Removal of subsidies: A good step with promise

Oil & Gas
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Friday, May 13, 2016 9:05AM/United Capital

Implications for the markets

The Nigerian government yesterday announced the stoppage of petroleum subsidy payments to marketers, effectively ending years of fiscal drain, a move we view as a step closer to a deregulated market environment. The price adjustment was motivated by the need to improve availability and allow for a more cost-reflective price for marketers.

In this note, we summarise our views on the likely impacts of this latest move on the markets and naira assets in the short-to medium term.

FX supply constraints drive policy change…
According to the new PPPRA product pricing template, a new retail price band of 135-145 has been set, the midpoint of which is 62.8% higher than the old pump price. Interestingly, this is approximately the cost differential between exchange rate at the official market and the parallel markets, suggesting that the product's supply constraints has been hitherto driven mainly by FX shortages. The new regime allows marketers to source foreign exchange outside the CBN window. Notably, the revised pricing template now reflects a higher FX impact on the landing cost of PMS, as well as wider margin for downstream players.

 …with FX reserves likely to benefit
According to data from the CBN, average monthly FX supply over Q1-16 for the oil and gas sector stands at c.$500.0bn monthly. With oil marketers now free to source FX from alternative sources, we believe a bulk of this figure has effectively been shifted to the parallel market. This should lessen the pressure on the FX reserves especially if crude prices continue to display the same level of resilience seen in recent times. We note that despite recent ascent in crude oil prices, the FX reserve has been on a consistent decline from March 29th to date, creating a dour picture.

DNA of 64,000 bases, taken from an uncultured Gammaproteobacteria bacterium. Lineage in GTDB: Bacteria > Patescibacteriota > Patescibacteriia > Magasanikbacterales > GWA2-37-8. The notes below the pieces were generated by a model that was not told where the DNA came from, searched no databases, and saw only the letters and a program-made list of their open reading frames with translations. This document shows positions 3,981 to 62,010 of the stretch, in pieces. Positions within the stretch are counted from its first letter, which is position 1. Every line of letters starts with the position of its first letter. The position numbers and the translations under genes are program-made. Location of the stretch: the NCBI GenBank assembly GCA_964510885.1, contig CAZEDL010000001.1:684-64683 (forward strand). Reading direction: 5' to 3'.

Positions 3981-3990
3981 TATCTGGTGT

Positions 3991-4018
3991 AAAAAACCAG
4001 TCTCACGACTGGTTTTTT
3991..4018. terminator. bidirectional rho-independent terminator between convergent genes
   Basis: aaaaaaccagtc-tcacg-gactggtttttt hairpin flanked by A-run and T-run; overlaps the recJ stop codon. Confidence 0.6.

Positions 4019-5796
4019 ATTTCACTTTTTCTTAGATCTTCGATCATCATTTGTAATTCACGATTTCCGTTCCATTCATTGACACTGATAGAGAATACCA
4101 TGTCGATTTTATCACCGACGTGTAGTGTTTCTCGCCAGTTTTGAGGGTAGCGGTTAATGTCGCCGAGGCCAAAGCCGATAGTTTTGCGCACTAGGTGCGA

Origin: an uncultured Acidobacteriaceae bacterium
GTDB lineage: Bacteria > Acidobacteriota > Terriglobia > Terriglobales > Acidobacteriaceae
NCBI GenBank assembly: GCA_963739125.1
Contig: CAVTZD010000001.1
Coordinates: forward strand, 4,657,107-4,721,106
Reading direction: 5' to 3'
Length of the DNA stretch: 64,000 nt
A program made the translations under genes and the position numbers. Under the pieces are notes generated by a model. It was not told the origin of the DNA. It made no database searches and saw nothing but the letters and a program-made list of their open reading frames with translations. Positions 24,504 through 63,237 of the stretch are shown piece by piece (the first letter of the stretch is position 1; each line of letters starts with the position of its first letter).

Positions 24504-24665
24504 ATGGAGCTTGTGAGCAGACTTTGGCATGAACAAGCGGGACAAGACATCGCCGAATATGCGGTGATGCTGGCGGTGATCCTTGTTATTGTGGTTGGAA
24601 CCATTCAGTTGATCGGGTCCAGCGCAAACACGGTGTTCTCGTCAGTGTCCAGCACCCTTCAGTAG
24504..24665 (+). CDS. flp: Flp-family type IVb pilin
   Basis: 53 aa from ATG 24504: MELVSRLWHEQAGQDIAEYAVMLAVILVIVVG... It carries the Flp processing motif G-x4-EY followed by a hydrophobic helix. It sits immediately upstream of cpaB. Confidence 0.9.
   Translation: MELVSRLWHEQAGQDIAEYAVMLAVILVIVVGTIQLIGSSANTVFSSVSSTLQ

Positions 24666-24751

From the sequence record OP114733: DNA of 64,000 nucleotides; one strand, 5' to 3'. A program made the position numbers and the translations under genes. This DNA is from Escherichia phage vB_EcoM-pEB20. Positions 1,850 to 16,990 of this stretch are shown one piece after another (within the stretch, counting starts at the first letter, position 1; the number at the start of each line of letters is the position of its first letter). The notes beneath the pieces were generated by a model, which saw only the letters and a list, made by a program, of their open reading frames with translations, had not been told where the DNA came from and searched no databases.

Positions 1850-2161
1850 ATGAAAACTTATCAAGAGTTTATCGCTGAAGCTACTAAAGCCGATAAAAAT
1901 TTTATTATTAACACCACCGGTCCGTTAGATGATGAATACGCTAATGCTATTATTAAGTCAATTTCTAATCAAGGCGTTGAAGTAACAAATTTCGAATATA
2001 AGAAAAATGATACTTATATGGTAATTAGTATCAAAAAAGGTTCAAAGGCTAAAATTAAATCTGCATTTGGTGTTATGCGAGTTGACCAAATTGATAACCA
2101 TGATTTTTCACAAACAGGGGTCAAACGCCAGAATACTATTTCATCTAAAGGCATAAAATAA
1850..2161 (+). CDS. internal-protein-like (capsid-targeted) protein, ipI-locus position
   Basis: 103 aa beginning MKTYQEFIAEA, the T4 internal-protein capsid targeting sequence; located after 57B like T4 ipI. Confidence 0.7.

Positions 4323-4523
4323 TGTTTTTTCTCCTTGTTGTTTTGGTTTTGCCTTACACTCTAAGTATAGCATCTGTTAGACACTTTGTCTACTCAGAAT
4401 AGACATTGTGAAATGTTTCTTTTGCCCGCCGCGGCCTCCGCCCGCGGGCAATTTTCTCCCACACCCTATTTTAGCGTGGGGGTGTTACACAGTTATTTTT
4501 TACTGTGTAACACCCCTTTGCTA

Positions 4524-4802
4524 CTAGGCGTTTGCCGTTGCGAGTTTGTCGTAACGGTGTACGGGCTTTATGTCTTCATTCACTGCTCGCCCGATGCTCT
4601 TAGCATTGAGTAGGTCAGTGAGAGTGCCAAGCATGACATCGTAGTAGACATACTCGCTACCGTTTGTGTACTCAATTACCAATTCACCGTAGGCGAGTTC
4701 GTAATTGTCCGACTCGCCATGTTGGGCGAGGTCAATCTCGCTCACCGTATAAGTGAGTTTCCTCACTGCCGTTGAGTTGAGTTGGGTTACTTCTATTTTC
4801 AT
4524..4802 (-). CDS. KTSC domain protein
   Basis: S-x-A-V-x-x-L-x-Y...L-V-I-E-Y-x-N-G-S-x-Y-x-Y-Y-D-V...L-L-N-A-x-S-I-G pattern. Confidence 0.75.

Will the parallel market see more pressure?
With demand for the greenback in the parallel market set to rise, the major question that comes to mind is whether higher demand at this segment of the FX market will further widen the official/parallel market gap, especially if the official FX rate is assumed constant. Available data from CBN's website puts average monthly autonomous dollar at c.$4.0bn. Hence we think while there could be some volatility in the interim, impact will likely be short-lived.

Clearly, autonomous dollar supply has always been available but the major bottle neck prior to now appears to be more around pricing in our view, with most holders preferring to sell at the parallel market rate, while seekers understandably favor the official window. With marketers now forced to look at the parallel market, we believe potential supply at that market is robust enough to take-in increased demand, at current price.

Policy move to further stoke inflationary flames… to what extent?
Ordinarily, It would be expected that higher PMS cost will lead to a rise in transportation costs, with attendant impact on Inflation. This plausible scenario is without a doubt daunting, given that inflation already hit a 46-month high of 12.8% in the month of March.